The split medial gastrocnemius muscle flap.

Plastic &amp Reconstructive Surgery (Impact Factor: 3.33). 11/1998; 102(5):1782-3. DOI: 10.1097/00006534-199810000-00108
Source: PubMed
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    ABSTRACT: The aim of our study was to prove that endoscopic-assisted harvest of the medial gastrocnemius muscle is as effective as the conventional technique. We performed endoscopic dissection on 10 fresh human cadavers, and found that the medial gastrocnemius muscle was easily harvested through a minor donor-site incision, because of its topography and constant dominant proximal vascular pedicle. The operative technique is described.
    British Journal of Plastic Surgery 05/2002; 55(3):228-30. DOI:10.1054/bjps.2002.3808 · 1.29 Impact Factor
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    ABSTRACT: The aim of this study was to evaluate the feasibility of splitting each head of the gastrocnemius muscle into two segments. This prospective study was conducted on 35 fresh cadavers with injection of radio-opaque contrast material in the popliteal artery. Seventy medial gastrocnemius and 70 lateral gastrocnemius muscle specimens were obtained. Gastrocnemius intramuscular arterial anatomy was analysed by using the digital X-ray technique. The most common vascular pattern found in this study was both bellies supplied by individual sural arteries, which shows distal bifurcation. The medial sural artery always showed bifurcation in the medial gastrocnemius muscle in both lower limbs, whereas this bifurcation of the lateral sural artery was present in only 87% cases and 13% of cases showed a single lateral sural artery without bifurcation in the lateral gastrocnemius muscle. The mean pedicle length of the medial sural artery in the right lower limb was 2.1 cm, and in left lower limb 2.3 cm. The mean pedicle length of the lateral sural artery in the right lower limb was 2.44 cm and in the left lower limb 3.21 cm. The segmental vascular pattern of the medial belly of the gastrocnemius is constant, and, thus, it can be divided safely for coverage of multiple wound defects around the knee joint. The short length of the median sural artery allows for high division of the medial gastrocnemius muscle belly. The segmental vascular anatomy is not constant in the lateral belly of the gastrocnemius muscle and, hence, division of the lateral belly is not advocated without prior preoperative colour Doppler.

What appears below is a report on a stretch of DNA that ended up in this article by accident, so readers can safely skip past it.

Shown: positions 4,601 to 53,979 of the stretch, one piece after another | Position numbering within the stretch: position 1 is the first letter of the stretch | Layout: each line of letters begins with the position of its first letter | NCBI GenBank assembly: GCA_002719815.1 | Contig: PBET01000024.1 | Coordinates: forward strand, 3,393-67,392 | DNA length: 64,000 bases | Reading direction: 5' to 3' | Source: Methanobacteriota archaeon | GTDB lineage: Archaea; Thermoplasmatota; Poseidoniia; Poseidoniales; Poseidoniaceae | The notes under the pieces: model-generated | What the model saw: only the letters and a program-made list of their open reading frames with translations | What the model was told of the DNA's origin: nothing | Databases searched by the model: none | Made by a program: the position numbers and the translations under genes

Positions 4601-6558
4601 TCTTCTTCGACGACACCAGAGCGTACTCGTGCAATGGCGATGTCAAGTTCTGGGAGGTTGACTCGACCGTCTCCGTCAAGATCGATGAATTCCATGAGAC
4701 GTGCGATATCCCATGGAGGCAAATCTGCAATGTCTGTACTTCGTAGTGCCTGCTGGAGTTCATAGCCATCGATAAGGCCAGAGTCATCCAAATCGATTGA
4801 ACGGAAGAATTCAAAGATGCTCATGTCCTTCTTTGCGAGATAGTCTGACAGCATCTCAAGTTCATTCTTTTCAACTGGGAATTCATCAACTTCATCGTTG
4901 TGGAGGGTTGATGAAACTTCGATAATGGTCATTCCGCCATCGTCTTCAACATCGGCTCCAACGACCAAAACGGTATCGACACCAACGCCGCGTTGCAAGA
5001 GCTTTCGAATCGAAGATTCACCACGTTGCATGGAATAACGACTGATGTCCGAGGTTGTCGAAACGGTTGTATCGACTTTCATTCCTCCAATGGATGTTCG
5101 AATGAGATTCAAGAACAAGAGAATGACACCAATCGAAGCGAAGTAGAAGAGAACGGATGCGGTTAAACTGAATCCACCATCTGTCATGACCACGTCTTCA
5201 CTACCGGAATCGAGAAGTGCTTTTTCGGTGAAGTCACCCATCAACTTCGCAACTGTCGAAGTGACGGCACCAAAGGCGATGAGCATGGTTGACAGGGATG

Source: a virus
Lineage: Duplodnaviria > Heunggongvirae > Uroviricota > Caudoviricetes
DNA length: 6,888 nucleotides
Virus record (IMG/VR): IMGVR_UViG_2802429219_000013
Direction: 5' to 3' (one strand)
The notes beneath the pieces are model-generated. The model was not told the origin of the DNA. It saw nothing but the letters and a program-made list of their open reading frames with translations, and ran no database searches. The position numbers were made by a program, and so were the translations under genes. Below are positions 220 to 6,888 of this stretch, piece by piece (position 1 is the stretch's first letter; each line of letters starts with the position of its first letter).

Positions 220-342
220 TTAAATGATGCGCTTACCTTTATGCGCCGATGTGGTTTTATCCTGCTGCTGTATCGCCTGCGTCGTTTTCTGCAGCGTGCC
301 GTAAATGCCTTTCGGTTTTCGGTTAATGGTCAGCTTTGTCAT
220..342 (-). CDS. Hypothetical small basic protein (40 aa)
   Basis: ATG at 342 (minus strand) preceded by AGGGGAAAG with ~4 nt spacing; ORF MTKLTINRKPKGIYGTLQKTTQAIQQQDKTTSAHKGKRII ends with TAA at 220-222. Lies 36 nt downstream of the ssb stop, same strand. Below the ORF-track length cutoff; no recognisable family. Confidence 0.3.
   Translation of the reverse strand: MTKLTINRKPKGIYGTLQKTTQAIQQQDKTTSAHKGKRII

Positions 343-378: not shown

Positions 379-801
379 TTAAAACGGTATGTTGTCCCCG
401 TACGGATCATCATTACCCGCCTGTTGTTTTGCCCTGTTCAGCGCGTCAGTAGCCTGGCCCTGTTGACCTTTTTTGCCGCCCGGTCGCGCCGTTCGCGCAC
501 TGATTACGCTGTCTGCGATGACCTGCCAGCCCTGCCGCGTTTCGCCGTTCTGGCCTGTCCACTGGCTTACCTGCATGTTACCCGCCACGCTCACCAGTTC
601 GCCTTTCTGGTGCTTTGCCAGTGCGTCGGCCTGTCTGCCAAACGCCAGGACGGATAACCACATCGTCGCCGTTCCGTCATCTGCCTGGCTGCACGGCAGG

Journal of Plastic Reconstructive & Aesthetic Surgery 06/2011; 64(9):1202-6. DOI:10.1016/j.bjps.2011.04.011 · 1.47 Impact Factor
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    ABSTRACT: The treatment of Gustilo Anderson type 3B open fracture tibia is a major challenge and it needs aggressive debridement, adequate fixation, and early flap coverage of soft tissue defect. The flaps could be either nonmicrovascular which are technically less demanding or microvascular which has steep learning curve and available only in few centers. An orthopedic surgeon with basic knowledge of the local vascular anatomy required to harvest an appropriate local or regional flap will be able to manage a vast majority of open fracture tibia, leaving the very few complicated cases needing a free microvascular flap to be referred to specialized tertiary center. This logical approach to the common problem will also lessen the burden on the higher tertiary centers. We report a retrospective study of open fractures of leg treated by nonmicrovascular flaps to analyze (1) the role of nonmicrovascular flap coverage in type 3B open tibial fractures; (2) to suggest a simple algorithm of different nonmicrovascular flaps in different zones and compartment of the leg, and to (3) analyze the final outcome with regards to time taken for union and complications. One hundered and fifty one cases of Gustilo Anderson type 3B open fracture tibia which needed flap cover for soft tissue injury were included in the study. Ninety four cases were treated in acute stage by debridement; fracture fixation and early flap cover within 10 days. Thirty-eight cases were treated between 10 days to 6 weeks in subacute stage. The rest 19 cases were treated in chronic stage after 6 weeks. The soft tissue defect was treated by various nonmicrovascular flaps depending on the location of the defect. All 151 cases were followed till the raw areas were covered. In seven cases secondary flaps were required when the primary flaps failed either totally or partially. Ten patients underwent amputation. Twenty-two patients were lost to followup after the wound coverage. Out of the remaining 119 patients, 76 achieved primary acceptable union and 43 patients went into delayed or nonunion. These 43 patients needed secondary reconstructive surgery for fracture union. open fracture of the tibia which needs flap coverage should be treated with high priority of radical early debridement, rigid fixation, and early flap coverage. A majority of these wounds can be satisfactorily covered with local or regional nonmicrovascular flaps.
    Indian Journal of Orthopaedics 07/2012; 46(4):462-9. DOI:10.4103/0019-5413.97265 · 0.62 Impact Factor